(f) School administrators whose duties require that they work regularly during summer months shall not be exempted from this chapter. If a school administrator shall have no immediate supervisor, the school administrator’s time record shall be verified by the appropriate school board at its next regular or special meeting following any pay period in which said administrator missed work due to his or her elected or paid appointed position.
(a) The State Auditor shall conduct an annual audit of the time records which have been kept by the supervisors or school board in accordance with § 5822(b) and (c) of this title to determine whether or not an employee was paid from more than 1 tax-funded source for working coincident hours of the day.
(b) Any discrepancy found by the State Auditor shall be reported to the Public Integrity Commission for investigation pursuant to § 5810 of this title and/or to the Office of the Attorney General for possible prosecution under § 876 of Title 11 (tampering with public records in the first degree) and any other appropriate section.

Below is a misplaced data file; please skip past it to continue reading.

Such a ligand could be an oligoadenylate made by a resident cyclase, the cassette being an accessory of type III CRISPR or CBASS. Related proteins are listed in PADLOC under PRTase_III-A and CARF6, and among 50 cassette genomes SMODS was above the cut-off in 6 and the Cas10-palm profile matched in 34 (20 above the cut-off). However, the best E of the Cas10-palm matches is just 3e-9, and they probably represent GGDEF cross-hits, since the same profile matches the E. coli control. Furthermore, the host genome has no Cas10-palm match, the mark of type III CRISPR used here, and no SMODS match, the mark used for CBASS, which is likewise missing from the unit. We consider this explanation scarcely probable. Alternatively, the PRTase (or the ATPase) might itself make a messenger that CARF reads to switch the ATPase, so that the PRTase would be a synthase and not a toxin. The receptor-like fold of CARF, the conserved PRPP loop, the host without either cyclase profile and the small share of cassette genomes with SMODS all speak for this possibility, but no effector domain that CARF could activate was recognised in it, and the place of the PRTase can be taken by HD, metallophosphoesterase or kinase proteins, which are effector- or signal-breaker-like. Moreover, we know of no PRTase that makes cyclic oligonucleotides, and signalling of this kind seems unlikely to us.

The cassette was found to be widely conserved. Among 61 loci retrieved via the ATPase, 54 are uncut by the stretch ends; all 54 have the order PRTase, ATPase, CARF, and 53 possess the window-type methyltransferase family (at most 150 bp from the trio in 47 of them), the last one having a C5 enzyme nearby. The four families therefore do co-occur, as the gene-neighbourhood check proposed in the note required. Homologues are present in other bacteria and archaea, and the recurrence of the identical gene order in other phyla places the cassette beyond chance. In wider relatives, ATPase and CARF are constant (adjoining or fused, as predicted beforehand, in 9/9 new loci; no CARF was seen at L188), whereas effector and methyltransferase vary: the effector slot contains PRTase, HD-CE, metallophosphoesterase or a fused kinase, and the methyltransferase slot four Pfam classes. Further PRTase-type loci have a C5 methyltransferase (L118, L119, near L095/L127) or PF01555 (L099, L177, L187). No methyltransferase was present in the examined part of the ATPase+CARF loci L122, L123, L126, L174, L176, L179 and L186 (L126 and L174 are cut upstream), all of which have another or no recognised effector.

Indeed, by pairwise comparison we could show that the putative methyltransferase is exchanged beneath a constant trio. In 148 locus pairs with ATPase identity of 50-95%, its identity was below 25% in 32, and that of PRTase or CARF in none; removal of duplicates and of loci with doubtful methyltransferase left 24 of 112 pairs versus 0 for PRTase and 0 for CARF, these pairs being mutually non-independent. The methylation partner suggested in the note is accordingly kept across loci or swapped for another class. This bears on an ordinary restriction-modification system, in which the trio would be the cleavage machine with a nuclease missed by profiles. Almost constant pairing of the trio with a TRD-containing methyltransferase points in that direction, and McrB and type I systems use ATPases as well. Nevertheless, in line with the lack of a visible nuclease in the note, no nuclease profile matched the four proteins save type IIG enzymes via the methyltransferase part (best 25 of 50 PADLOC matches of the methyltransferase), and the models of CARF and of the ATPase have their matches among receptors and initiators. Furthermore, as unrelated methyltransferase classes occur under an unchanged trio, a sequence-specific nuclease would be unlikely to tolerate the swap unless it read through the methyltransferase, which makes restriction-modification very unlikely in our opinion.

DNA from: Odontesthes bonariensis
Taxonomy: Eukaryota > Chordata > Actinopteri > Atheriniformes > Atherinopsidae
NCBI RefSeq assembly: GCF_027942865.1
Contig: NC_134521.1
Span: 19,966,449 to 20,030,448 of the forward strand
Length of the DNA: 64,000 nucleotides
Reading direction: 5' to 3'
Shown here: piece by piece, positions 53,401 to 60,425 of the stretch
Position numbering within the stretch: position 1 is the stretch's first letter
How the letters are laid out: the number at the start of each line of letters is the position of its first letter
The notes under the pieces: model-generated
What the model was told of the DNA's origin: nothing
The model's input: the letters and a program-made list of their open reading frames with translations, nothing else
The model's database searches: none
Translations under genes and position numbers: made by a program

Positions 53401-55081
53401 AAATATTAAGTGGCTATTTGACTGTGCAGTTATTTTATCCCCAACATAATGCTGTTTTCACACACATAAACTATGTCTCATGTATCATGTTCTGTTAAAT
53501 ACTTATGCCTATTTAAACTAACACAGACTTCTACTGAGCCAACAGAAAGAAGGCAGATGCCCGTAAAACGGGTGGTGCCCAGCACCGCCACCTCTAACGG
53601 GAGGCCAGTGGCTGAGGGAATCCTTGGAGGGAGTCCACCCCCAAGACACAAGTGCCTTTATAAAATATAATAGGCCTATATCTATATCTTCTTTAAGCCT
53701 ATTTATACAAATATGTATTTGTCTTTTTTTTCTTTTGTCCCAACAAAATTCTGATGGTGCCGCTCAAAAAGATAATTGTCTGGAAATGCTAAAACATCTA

Extract of A Portion of House Bill No. 88, Signed 4/01/03
Delaware Laws Vol 74, Chapter 13
Further Amend § 1206(h) by adding a new paragraph at the end of the Section as follows:
“The provisions of Subchapter III of Chapter 58, Title 29 of the Delaware Code shall not apply to members of the Standards Board. Any Standards Board member employed by a public school district will be released from his or her normal duty for the purpose of attending any regular monthly meeting of the Board which is scheduled during normal school hours as provided in this Section, and such member shall receive his or her normal salary from the member’s employer pursuant to the provisions of Chapter 13 of this Title and any applicable collective bargaining agreement. Subject to the availability of appropriated funds, the Standards Board shall reimburse the member’s employing school district for such costs as the school district may incur in order to obtain the services of a substitute teacher to take the place of any teacher member of the Standards Board who is granted release time pursuant to this Section. A member of the Standards Board who is granted release time pursuant to this Section shall have his or her compensation, as provided in the first paragraph in this Section, proportionally reduced so that such member is not compensated twice for the time spent in meeting.”